Alterations of the female reproductive system in recipients of islet grafts

Transplantation. 2004 Dec 15;78(11):1576-81. doi: 10.1097/


Background: Transplantation of allogeneic tissues is becoming a wider practice for the replacement of organ function lost to congenital or acquired pathologies. Chronic immunosuppression remains a necessity to prevent organ rejection, despite increased risks of infection, organ toxicity, and malignancies. Abnormalities of female gonadal function in patients of reproductive age are recognized, however, pathological alterations of the reproductive system in patients treated with new generation immunosuppressive drugs are still poorly documented.

Methods: We report herein our observations of abnormalities of the reproductive system in 13 female recipients of allogeneic islets for type 1 diabetes, under immunosuppression therapy based on daclizumab induction and tacrolimus/sirolimus maintenance.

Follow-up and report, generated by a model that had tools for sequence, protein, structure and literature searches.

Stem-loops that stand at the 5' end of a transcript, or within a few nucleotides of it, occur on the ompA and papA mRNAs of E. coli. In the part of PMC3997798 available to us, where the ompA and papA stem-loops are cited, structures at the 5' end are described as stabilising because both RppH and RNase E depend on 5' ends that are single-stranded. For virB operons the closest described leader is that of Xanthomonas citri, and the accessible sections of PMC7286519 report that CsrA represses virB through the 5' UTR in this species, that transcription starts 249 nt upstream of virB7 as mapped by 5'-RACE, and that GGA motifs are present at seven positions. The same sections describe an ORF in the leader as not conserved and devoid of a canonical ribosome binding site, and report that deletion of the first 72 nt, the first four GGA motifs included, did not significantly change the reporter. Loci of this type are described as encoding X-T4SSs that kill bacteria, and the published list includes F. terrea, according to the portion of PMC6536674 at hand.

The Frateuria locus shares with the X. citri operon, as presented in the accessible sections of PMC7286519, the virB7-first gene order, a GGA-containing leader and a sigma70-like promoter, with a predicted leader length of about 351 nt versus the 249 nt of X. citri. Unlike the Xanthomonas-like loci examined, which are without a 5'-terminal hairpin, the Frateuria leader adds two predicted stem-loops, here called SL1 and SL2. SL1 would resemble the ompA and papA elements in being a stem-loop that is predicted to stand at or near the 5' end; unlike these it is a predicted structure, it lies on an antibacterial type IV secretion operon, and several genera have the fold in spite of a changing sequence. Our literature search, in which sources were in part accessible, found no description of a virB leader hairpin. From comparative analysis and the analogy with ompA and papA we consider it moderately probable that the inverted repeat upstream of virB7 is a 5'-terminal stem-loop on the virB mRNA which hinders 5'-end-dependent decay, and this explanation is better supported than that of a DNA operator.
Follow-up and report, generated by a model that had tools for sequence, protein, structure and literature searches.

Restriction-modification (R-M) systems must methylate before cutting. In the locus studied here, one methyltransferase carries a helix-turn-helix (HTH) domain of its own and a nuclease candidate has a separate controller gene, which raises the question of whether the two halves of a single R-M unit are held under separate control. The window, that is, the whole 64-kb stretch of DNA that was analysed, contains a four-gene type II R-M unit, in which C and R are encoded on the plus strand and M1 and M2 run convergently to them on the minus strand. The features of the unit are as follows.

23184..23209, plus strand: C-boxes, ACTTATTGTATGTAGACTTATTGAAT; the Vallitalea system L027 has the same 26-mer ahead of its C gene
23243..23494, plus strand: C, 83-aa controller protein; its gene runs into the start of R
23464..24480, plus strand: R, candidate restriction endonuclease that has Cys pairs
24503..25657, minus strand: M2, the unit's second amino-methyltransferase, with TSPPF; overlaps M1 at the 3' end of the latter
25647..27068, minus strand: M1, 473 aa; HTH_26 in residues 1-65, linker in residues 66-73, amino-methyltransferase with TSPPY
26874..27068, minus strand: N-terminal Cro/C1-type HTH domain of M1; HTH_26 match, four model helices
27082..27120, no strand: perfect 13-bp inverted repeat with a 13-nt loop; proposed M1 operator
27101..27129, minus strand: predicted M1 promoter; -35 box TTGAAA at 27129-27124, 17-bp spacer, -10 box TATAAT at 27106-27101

Results: Menstrual cycle alterations and clinically significant ovarian cysts were frequently observed in our patients, some requiring medical or surgical intervention. All ovarian cysts appeared of benign nature.

Conclusions: Our findings suggest that pre- and posttransplant evaluation of female patients should include menstrual history, baseline pelvic ultrasound, and hormonal levels to assess the presence and monitor the progression of such alterations.

Publication types

  • Research Support, Non-U.S. Gov't
  • Research Support, U.S. Gov't, P.H.S.

MeSH terms

  • Adolescent
  • Adult
  • Child, Preschool
  • Estradiol / blood
  • Female
  • Follicle Stimulating Hormone / blood
  • Humans
  • Immunosuppressive Agents / adverse effects
  • Islets of Langerhans Transplantation / adverse effects*
  • Luteinizing Hormone / blood
  • Menstrual Cycle*
  • Middle Aged
  • Ovarian Cysts / etiology
  • Ovary / physiopathology*
  • Pelvis / diagnostic imaging
  • Progesterone / blood
  • Ultrasonography


  • Immunosuppressive Agents
  • Progesterone
  • Estradiol
  • Luteinizing Hormone
  • Follicle Stimulating Hormone